Condyloma Acuminatum

Quick Summary

Clinical Features

    Blunted surface papules with koilocytes in the epithelium.




Quick Review for Patients


The condyloma is a "venereal" wart produced by a papillomavirus which is transmitted by sexual contact.  It occurs at a point of minor trauma during oral/genital sex and is a painless mucosal mass with a broad base and surface nodules.  Often multiple, it has a pinkish or whitish surface color and is considered contagious, although once present it may last for years.  In the genital region some of these become cancers, but this has not been shown for oral lesions.  Treatment is conservative surgical removal or laser destruction.





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Yet another papilloma look-alike lesion is the HPV-induced condyloma acuminatum (condyloma = "knuckle or knob"), an epithelial proliferation considered to be a sexually transmitted disease (STD). The condyloma develops at a site of sexual contact or trauma and is, therefore, much more common in the anogenital region, where it represents approximately 20% of all STDs. Not surprising, the virus involved with oral condyloma acuminatum is HPV, especially subtypes HPV-6, HPV-11, HPV-16, and HPV-18. The later two subtypes are among those associated with carcinoma and epithelial dysplasia of genital mucosa, perhaps explaining why the condyloma is considered a premalignant lesion by many. For reasons unknown, this precancerous character does not seem to be a part of condylomas arising from oral and oropharyngeal mucosa.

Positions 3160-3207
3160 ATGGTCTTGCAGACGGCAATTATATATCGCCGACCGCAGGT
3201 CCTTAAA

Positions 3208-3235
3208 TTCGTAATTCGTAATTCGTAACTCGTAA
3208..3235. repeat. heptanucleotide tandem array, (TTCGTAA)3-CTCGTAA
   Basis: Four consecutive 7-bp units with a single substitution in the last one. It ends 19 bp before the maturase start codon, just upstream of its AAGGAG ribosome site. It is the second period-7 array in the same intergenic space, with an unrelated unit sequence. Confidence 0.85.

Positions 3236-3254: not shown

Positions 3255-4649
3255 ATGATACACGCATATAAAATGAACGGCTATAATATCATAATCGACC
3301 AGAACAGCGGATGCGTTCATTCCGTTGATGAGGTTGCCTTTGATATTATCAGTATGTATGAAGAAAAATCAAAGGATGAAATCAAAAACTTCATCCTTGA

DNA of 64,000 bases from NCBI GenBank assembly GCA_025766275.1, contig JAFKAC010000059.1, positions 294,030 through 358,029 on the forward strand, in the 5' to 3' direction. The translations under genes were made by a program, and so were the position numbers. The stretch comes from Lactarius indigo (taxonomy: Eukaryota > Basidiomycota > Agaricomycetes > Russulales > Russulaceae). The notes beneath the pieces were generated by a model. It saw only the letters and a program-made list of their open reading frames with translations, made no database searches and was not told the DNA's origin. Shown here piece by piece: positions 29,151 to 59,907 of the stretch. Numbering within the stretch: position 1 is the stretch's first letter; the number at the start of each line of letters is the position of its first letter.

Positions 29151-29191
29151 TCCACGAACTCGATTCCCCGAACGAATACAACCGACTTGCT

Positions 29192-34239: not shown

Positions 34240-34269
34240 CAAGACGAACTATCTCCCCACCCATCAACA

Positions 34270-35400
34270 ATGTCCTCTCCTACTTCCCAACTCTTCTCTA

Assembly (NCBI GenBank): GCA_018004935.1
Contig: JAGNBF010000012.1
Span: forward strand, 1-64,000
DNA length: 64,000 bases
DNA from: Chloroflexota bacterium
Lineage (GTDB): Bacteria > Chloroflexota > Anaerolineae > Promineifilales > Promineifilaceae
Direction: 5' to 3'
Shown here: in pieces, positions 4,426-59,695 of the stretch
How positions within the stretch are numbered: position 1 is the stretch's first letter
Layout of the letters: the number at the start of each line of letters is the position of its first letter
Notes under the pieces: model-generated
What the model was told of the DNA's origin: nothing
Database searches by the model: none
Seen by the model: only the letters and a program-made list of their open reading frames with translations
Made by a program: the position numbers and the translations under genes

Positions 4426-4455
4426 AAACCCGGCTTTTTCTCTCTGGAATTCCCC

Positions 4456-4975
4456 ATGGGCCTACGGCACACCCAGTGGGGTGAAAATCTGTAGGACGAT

It is not unusual for a patient with a condyloma to have multiple STDs and so caution is advised relative to infection control procedures in the dental office. This multi-disease feature is so strong, in fact, that the genital condyloma was once thought to be a characteristic feature of syphilis rather than a separate entity. The condyloma is very contagious and may spread by auto-inoculation to other sites of trauma.

Clinical Features

Condyloma usually is diagnosed in teenagers and young adults, but all ages are susceptible.
Oral lesions occur most frequently on the lip mucosa, the lingual frenum and the soft palate, all points of potential trauma during cunnilingus and fellatio. The lesion presents as a broad-based, pink mass with the surface covered by short, blunted projections, giving it a raspberry or mulberry appearance (Figures 1& 2). Many lesions have a mild semi-transparency to the surface nodules. Condylomata tend to be larger than papillomas and are characteristically multiple and clustered. The average lesional size is 1.0-1.5 cm., but lesions as large as 3 cm. have been reported. Even large oral condylomata are seldom elevated more than a few millimeters above the surface.

Pathology and Differential Diagnosis

Condyloma acuminatum presents as a benign proliferation of acanthotic stratified squamous epithelium with mildly keratotic papular or nodular surface projections. Thin connective tissue cores support the papillary epithelial projections, which are more blunted and broad than those of squamous papilloma and verruca vulgaris (Figures 3 & 4). The appearance of keratin-filled crypts between prominences of the latter disease are seldom found in the condyloma.